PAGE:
Google's RE2 regular expression library
Posted Mar 13, 2010 10:23 UTC (Sat) by PO8
Parent article: Google's RE2 regular expression library
This all seems a little weird to me. The things chosen as reference points are mostly strange; most were never particularly touted as examples of speed. GNU grep is pretty fast, though; indeed, if you look at their own graph you might wonder why they cut it off where they did—grep certainly looks like it's almost constant-time in this example, and about to cross the y axis. Anyhow, the RE and target given in that second paper are a lousy benchmark for normal use; they are only intended to illustrate the thesis that backtracking loses on some REs and targets. In short, I'm not sure why backtracking matchers are any more than a strawman when building a fast modern RE engine. The benchmarking in the first paper is only against PCRE.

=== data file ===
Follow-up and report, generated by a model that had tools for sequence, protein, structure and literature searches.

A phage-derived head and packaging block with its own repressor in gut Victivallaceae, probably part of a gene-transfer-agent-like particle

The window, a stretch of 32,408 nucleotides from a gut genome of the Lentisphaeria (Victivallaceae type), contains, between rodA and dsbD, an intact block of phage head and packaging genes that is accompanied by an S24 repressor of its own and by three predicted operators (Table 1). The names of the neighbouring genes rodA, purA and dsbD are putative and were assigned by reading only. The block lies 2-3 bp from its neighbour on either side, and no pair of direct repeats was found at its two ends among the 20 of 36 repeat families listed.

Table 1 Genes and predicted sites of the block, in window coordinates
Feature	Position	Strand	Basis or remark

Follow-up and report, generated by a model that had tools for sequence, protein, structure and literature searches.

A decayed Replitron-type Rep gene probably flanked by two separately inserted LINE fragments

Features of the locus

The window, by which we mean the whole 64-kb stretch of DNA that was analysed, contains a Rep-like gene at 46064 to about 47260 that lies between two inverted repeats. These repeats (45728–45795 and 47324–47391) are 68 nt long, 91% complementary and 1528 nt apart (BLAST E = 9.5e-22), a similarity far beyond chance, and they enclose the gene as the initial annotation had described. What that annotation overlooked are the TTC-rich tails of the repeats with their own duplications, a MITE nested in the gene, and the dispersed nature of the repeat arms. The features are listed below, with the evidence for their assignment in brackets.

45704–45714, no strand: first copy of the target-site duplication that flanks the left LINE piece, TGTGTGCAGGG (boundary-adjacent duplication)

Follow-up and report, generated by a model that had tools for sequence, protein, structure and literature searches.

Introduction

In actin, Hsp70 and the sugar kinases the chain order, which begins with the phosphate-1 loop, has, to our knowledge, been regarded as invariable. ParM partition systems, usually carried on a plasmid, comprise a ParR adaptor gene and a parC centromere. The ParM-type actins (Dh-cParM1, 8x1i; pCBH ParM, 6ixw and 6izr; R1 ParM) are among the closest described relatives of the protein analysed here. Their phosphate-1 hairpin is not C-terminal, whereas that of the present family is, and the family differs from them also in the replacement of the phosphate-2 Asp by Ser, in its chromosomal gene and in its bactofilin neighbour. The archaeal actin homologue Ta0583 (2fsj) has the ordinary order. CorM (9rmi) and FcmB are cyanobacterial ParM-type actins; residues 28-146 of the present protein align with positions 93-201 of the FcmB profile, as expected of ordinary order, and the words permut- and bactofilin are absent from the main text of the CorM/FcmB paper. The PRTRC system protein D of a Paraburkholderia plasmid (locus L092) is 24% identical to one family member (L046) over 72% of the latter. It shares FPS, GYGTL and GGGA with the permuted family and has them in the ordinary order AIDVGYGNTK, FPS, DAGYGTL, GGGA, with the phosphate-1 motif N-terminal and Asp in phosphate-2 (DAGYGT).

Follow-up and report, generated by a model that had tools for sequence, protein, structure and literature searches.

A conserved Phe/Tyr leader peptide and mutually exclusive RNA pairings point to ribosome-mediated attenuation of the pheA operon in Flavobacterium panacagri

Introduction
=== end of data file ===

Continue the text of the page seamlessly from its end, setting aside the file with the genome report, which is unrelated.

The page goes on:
It doesn't appear that any kind of Boyer-Moore is being used; this can be a major performance penalty for fixed strings. If I recall correctly, one can do Boyer-Moore-like things with general REs these days also. This is a performance no-brainer as far as I know.
I'd be willing to wager a small amount of money that ripping Mike Haertel's RE engine out of GNU grep and clipping out the backreference support (which wouldn't be very hard) would give a much faster engine than re2, with an equally good memory footprint. The problem with this approach for Google, I suspect, is the GPL. Reimplementing a more sophisticated DFA-based RE engine doesn't seem that hard either, though. Certainly one could pay Mike to do it on a contract basis.
Here's some stories about Mike and grep and RE matching: (1) (and note the comments), (2).
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